Don’t believe me? Yesterday I left my house for one hour and encountered a man in a semi-isolated spot who told me “if women don’t watch out, white men are going to start fighting back against #MeToo” and we should “fear the force with which their wave would hit us.” Then I was cornered at a crosswalk by a man who yelled sexual obscenities at me, saying, “I’m sorry but I have to because, God, you’re so (bleeping) hot.” (I was wearing a baggy sweatshirt and loose jeans.) I felt uncomfortable and unsafe, yet unsure of how to respond without calling more attention to myself. I grew up thinking you just smiled and laughed that stuff off. But now I rejoice in a new era where that speech and behavior are unacceptable and where women are taught to stop inappropriate comments or “playful” touches and say, “Stop right now. This is making me uncomfortable.” This is common grace at work.

See?  One hour. She got all of that in one hour! Ugh!!



Healthy Churches

Further, in the article, Ms. Woollard describes what happens in healthy churches. Again, I have yet to see this for myself, but it is my heart’s desire to see this take place:


They need hope, healing, and restoration. In other words, they need the church.

Assuming we’re talking about a healthy church with good structures and policies in place, what does the church have to bring to #MeToo

  1. The church has the gospel.
  2. The church has a biblical bias.
  3. The church has member care.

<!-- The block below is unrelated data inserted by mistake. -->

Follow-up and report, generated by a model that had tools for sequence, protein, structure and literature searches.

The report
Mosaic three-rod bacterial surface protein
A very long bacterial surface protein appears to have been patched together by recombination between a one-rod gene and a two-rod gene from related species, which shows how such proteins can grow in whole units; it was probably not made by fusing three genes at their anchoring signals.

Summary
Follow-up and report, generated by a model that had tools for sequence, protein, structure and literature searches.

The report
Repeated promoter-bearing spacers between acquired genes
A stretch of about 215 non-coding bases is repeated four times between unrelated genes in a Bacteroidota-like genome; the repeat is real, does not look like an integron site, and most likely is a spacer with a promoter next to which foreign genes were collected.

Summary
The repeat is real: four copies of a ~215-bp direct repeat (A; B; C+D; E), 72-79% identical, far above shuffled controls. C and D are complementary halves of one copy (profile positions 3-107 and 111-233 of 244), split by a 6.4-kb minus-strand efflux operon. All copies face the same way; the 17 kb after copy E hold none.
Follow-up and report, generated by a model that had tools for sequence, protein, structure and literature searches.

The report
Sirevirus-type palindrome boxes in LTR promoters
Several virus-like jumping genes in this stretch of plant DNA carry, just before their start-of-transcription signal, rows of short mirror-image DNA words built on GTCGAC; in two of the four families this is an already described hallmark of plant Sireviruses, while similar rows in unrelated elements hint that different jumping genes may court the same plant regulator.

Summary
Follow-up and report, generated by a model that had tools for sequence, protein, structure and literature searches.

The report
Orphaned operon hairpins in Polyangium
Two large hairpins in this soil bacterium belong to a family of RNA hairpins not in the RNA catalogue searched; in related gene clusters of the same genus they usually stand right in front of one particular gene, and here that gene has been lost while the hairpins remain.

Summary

4. The church has corrective and formative discipline.
  5. The church has a theology of imago Dei.



Sadly, here’s a tweet I sent out nearly 3 weeks ago before the article was posted. If Twitter had an edit feature, I probably would have added the words “in general.”


Rachael Denhollander and Unhealthy Churches

Back to Fred Butler – he is wrong. The world is exposing sexual abuse and harassment. It’s here and it is now in all places/business/industries. The world is ahead of the Church in drawing attention to the problem and forcing a response. The Church now has a responsibility to deal with it, not play theological word games about collecting “action points” from the world. This is not about action points, this is about the hearts of women who need healing, and most likely, their souls do as well if they were harmed by someone in the Church.

The mishandling of sex abuse cases in the Church is not only causing survivors emotional harm, but I strongly suspect it has led to many abandoning their faith. That’s why I would rather survivors seek secular mental health help from trained and licensed professionals who understand the dynamics of sexual abuse. I’m not alone in this thought. Read the words from Rachael Denhollander, the brave woman who took down Dr. Larry Nasser, the pedophile who sexually assaulted hundreds of young girls while “treating” their injuries:

When asked, “How can people trust the church and Christianity?” in the wake of sexual abuse, Denhollander simply said, “Don’t.” ~Rachael Denhollander


In case you hadn’t heard, Rachael Denhollander was selected as one of Time’s 100 Most Influential People in the year 2018. She is a conservative Christian. Big names in Christendom talked about Rachael, even wrote blog posts about her and her victim’s impact statement. Because along with sharing how the abuse affected her, she offered her evil perpetrator forgiveness and presented the Gospel to him. But even Rachael cannot recommend that sexual abuse survivors get help from the Church.